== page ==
THE BLOG
11/18/2014 05:16 pm ET Updated Jan 18, 2015

Out to Lunch:Coping with Careless Counsel

The Order of Things

From the attorney's perspective, there is a Zen-like quality to residential real estate transactions. When the vibrational activity of buying or selling an apartment advances to the point when an "accepted offer" is within reach, an attorney is usually contacted and a relationship created. Then the standard operating procedures kick in: deal sheet, due diligence, contract negotiation, loan application, commitment letter, Board package, Board approval or waiver, and the moment of truth, the closing. Yet, lurking within each component of the process, is the potential for havoc...particularly if one of the attorneys is unprepared or inexperienced.

Longing for the "Simple" Transaction

Long ago in a galaxy far, far away, there was something the brokers coveted--a so-called simple transaction. Those were the days were no one really took residential real estate transactions very seriously and attorneys just viewed the work as "bread and butter" deals that paid the rent. A form contract, a few pieces of paper from the bank, and boom, the deal was done. In today's world, with an aging housing stock, astronomical apartment prices, financially challenged co-ops and condos pervading the landscape and a variety of other trap doors, the path to closing often becomes a mine field that requires significant skill and experience to traverse. A misstep, and the deal can blow up.

Training Day

Having had the recent experience of mentoring a young attorney from ground zero of real estate knowledge to significant skills, I was amazed by the quantity and complexity of the information that has to be imparted, digested and remembered in order to prepare someone to handle a "basic" real estate transaction. Co-op and condo transactions each have their own peculiar issues that must be addressed, day in and day out, to avoid the woe pile down the road. And the basics are often overlooked from deal to deal. Here are a few of my favorites foul ups:

--the purchaser is not reminded to submit his or her loan application within five business days after the fully-executed co-op contract is returned;

--the loan commitment period expires without a request for an extension of time;

--the attorney fails to track the timely submission of the Board package;

--the co-op lien search is not carefully reviewed;

--the seller's attorney fails to order the stock and lease from the pay off bank in a timely manner;

--the title report is not carefully reviewed and objections are not cleared in a timely manner;

--the seller's attorney fails to obtain the necessary documents to clear issues when an estate is the selling party;

--the seller's attorney fails to address the "FIRPTA" issues when the seller is a foreign citizen;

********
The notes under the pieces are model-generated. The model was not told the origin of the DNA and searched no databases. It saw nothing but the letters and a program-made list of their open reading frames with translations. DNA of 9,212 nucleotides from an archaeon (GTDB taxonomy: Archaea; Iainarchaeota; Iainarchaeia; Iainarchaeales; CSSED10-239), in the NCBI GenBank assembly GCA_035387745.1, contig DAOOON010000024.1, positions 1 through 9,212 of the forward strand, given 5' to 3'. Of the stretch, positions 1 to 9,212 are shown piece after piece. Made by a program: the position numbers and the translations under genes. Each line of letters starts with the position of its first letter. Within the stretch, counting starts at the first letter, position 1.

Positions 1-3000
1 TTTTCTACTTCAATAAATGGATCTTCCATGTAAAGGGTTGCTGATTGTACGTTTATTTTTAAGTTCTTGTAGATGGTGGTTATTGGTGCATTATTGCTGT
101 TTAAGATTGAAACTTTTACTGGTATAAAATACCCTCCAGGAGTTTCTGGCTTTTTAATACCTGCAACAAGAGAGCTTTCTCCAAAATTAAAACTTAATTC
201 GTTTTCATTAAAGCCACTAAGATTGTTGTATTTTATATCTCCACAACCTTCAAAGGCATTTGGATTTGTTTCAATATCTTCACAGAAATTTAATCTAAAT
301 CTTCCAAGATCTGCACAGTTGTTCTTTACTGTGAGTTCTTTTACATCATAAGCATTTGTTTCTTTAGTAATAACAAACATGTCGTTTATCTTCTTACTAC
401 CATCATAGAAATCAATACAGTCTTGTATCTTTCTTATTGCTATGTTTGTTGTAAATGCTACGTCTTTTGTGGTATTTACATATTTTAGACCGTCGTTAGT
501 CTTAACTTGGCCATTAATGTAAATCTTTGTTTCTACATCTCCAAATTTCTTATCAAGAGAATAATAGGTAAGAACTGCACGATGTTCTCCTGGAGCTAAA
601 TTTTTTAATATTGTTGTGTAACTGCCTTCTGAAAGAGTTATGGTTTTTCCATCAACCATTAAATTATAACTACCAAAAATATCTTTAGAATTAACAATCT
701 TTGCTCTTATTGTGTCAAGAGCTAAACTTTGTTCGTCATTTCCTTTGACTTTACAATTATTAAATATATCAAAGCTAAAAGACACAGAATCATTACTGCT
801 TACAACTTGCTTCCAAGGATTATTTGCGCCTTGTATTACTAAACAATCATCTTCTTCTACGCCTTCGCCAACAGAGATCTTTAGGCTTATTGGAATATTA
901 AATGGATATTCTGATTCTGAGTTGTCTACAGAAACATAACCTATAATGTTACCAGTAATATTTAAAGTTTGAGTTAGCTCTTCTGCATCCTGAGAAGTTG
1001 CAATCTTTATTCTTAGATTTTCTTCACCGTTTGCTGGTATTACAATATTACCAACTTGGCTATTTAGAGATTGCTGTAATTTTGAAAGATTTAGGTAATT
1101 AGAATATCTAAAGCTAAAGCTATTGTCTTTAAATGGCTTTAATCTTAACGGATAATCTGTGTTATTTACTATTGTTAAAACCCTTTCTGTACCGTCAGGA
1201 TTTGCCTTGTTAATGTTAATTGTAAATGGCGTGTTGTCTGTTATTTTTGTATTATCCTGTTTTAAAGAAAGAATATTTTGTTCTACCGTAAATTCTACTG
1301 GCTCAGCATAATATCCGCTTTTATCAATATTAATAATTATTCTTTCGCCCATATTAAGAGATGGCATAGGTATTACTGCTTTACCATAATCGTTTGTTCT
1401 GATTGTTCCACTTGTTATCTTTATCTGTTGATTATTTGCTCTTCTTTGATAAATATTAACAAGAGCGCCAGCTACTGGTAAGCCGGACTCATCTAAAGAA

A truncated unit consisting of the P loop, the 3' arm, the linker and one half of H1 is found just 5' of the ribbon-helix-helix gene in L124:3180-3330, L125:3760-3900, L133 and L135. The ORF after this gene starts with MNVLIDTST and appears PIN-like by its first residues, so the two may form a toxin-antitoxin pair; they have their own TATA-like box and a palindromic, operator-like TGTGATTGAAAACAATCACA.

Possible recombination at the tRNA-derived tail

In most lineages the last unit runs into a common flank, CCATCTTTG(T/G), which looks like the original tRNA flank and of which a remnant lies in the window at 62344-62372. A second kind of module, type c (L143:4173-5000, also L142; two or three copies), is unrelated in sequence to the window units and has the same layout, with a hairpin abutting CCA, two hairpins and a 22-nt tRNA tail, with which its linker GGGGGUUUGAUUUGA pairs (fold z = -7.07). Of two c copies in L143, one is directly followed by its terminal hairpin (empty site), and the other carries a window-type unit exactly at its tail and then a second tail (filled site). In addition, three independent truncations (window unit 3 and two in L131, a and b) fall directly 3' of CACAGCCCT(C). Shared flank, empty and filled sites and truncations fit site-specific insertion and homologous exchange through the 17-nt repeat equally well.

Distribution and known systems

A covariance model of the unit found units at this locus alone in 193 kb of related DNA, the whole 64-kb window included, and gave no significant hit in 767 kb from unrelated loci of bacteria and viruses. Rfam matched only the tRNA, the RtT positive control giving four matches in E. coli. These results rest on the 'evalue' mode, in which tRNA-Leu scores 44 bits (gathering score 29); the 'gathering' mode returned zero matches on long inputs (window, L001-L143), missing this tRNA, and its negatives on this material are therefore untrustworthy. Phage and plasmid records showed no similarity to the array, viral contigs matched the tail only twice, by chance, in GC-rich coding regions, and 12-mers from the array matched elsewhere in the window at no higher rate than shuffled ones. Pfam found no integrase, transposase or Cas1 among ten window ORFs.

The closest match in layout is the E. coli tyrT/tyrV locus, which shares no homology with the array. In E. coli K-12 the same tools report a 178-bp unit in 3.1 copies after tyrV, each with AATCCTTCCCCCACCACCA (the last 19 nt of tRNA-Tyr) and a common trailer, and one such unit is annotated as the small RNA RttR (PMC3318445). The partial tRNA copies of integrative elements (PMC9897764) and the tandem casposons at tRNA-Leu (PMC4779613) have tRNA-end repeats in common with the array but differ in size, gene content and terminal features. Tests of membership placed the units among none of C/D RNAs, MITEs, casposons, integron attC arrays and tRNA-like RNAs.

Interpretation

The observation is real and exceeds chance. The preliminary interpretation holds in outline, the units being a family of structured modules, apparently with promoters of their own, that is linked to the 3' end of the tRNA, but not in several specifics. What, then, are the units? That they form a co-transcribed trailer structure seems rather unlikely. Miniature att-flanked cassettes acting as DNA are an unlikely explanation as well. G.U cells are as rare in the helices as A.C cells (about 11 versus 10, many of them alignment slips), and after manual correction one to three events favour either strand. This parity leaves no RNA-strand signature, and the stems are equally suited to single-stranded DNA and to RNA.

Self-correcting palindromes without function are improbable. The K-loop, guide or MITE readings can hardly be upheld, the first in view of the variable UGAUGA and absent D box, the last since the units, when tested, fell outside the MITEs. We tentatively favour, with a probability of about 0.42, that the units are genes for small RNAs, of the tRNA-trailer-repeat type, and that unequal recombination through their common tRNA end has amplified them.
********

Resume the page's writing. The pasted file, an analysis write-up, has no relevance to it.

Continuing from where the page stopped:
--the purchaser's attorney fails to obtain a "FIRPTA Certification" and it turns out that the seller is a foreign citizen;

--the seller's attorney fails to prepare the required tax form and calculate the payment when his or her client is a non-resident of New York;

--the seller's attorney fails to obtain UCC terminations for old lien filings that are still of record;

--a power of attorney has not been properly executed;

--an outstanding line of credit is not "frozen" by the seller prior to closing;

--the contract does not provide for the payment of a flip tax and a flip tax is payable;

--the contract fails to disclose an ongoing assessment;

--the contract fails to include or exclude personal property or fixtures;

--the significance of signing an "all cash" contract is not explained to the purchaser;

--the seller's attorney allows material representations to survive closing;

--and my personal favorite, when an attorney from another state is retained and does not understand the rules of engagement in New York City transactions.

Perusing the above, you get the picture. At any point, if a ball gets dropped, the process can grind to a standstill until the issue is medicated.

The League of Extraordinary Gentlemen (and Ladies)

In transactional real estate, most of the players are knowledgeable and pleasant to work with. There is a give and take between the attorneys, and at the end of the day, the contracts wind up with most of the same provisions and the parties slog through to the finish line. When one of the attorneys is phoning it in, literally or figuratively is unreachable, or just does not know what he or she is doing, inevitably, the other attorney picks up the slack in order to get things done. It's painful, rarely acknowledged, but it's what happens.

Residential Reality: Choose Your Counsel Carefully

Not all readers may agree that there's no such thing these days as a simple transaction. Nevertheless, it can get rough out there. Bear that in mind when you lawyer up...